" 'Watney by this time has placed a call to his house outside London and finds himself in the regrettable situation of not being at home to answer the telephone. He's trying to call himself, ding-ding, and nobody's picking up the phone. The result is fear and dread. He sits on the floor weeping real tears into the phone. Oh, it's a crisis of no small proportion. The guy is in the grip of blackest anxiety. Absolute terror in his eyes. Oh, he's terror-stricken, no doubt about it, ding-ding-ding in his ear. This was Watney when he first swam into my ken, long before he picked up the shield of a businessman.' "This novel is the absurdist tale of Bucky Wonderlick, the world's foremost rock star, who quits his band mid-tour to hole up in his girlfriend's flat on Great Jones Street, where various absurd situations impose themselves on him. The above quote is from the somewhat Burroughsian (at least that's how I visualize him) druglord, Dr.Pepper. Below, an exchange with his ex-bandmate, Azarian: " 'What are you doing in L.A.?' I asked. 'Tremendous things. I probably shouldn't tell you about it. In fact, I'm determined not to.' 'What is it?' 'Blackness.' 'Black music?' 'Black everything,' Azarian said. 'Blackness as such.' 'What's it like being into blackness?' 'I'm not that far into it yet. But I'm making my way, little by little. I really shouldn't be talking about it. It's really deep, Bucky. Deep and dark. It's pressing against me with tremendous weight, practically crushing my chest. A lot of fear is involved. All kinds of fear. It's hard to pick out a single moment when I'm not afraid.' "


This was my first DeLillo book. How is that pronounced anyway? I keep wanting to say, "Duh-Leeyo." No, I'm pretty sure it's pronounced phonetically, because that's how the friend who's been recommending him to me for years pronounces it, "DeLillo." Anyway, I'm pretty enthusiastic about this book. I'm very much looking forward to checking out his catalogue.The book is about the nature of fame and sex and attention and addiction and other things. It's not a long book. It's well constructed in a postmodern kinda way. Bucky Wunderlick is a Bobby Zimmerman type who just wants to chill out and be Robert for a while. Too bad everyone has to go and make his life so extreme. He might as well just kill himself, or maybe return to the stage?

Michael Vagnetti

Novel? Here, the writing is fried circuitry, too hot to touch, but still engineered, built to do work, a writer's mad science. Paragraphs are the tracks left by throbs and pulses of energy coming 'round again. Share the urgency. Decorum is busted. The writing takes the sharp ends of short sentences and punctures holes in the page. Breathing holes. Shunts to somewhere. This writing has a weird relationship with "the void." It's spectral, it's everywhere but it comes in hints. Shake the book. Look in between the pages. Characters are trying to find a way to be post-famous, private. They were musicians once, they arranged words in a way that doesn't work now. There are passages that make you drop the book: "They pressed against each other, chained to their invisible history, the youngest among them knowing of all needs that one is uppermost, the need to be illiterate in the land of the self-erasing word." (133)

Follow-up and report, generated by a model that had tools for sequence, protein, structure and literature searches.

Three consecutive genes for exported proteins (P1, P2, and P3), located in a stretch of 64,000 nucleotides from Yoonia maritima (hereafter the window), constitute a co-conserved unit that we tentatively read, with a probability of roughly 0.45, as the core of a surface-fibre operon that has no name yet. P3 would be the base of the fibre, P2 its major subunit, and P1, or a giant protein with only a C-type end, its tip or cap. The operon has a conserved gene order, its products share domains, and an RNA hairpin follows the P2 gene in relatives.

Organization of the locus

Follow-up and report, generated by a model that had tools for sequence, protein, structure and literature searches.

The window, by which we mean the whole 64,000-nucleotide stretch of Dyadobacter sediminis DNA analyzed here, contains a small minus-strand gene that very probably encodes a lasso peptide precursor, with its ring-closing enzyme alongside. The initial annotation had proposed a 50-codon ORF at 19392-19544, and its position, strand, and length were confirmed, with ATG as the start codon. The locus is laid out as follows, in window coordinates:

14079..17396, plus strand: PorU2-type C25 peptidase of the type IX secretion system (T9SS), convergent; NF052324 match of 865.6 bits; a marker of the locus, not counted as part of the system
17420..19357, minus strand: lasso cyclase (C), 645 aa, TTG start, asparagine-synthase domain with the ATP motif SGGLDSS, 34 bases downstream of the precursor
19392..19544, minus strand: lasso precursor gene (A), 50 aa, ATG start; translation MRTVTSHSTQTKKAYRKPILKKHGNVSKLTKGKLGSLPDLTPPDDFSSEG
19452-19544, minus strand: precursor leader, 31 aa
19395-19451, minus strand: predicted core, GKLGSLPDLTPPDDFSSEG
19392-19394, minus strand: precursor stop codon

I LOVE VACATION! I can actually finish a book. Anyway, this one is like Crying of Lot 49 Lite, which is alright for holiday I guess. The drug/rockstar/paranoia plot is a tight draw but he just ends up hitting you over the head with it. Really, by the last chapter I was just looking forward to getting to the not-so-surprising conclusion of rockstar Bucky Wunderlick, but maybe because I've got a book about Spain to read and I'm here, so Great Jones Street, even set in the '70s, is reminding me of what's waiting at home and I'm having so much fun I don't want to come back, not yet anyway. This review ended up being not so much about the book. Oh well: here's my favorite quote to bring it all back: "You have been listening to a panel discussion on a subject yet to be agreed on. Our panelists will now disrobe and paint each other's bodies in colorful native pigments."


Premessa: questo è uno di quei libri sfortunati che ogni volta che ti metti a leggerli succede qualcosa che interrompe/disturba la lettura. Quindi sappiate che non l'ho letto attentissimamente.Fatto sta che comunque non mi è piaciuto tantissimo, ma non mi è neanche dispiaciuto. È scritto bene, soprattutto per quanto riguarda i dialoghi, personaggi caratterizzati bene eccetera. Il problema sta nella trama e in certe scene che non hanno né capo né coda, nel senso che non sono conseguenza di niente e non causano niente. Semplicemente arriva un personaggio, dice le sue battute, se ne va, e se non le avesse dette non sarebbe cambiato nulla.Il libro decolla veramente intorno a pagina 93, quando succede una certa cosa che sarebbe dovuta succedere, secondo me, una settantina di pagine prima. La trama quindi è debole ed ha un'importanza relativa, e forse è l'intento dell'autore. Il libro è scritto in prima persona dal punto di vista del protagonista, una rockstar che si è un po' rotta di stare sempre in tournée e in sala d'incisione e che quindi decide di andare in un appartamento in Great Jones Street per isolarsi dal mondo. Il punto di vista è molto introspettivo, e la trama è meno importante che in altri romanzi, ma questo lo rende anche meno appassionante. Comunque è un libro che penso di rileggere, credo ci sia di più di quanto non abbia notato.Consigliato se vi piacciono i romanzi introspettivi e psicologici.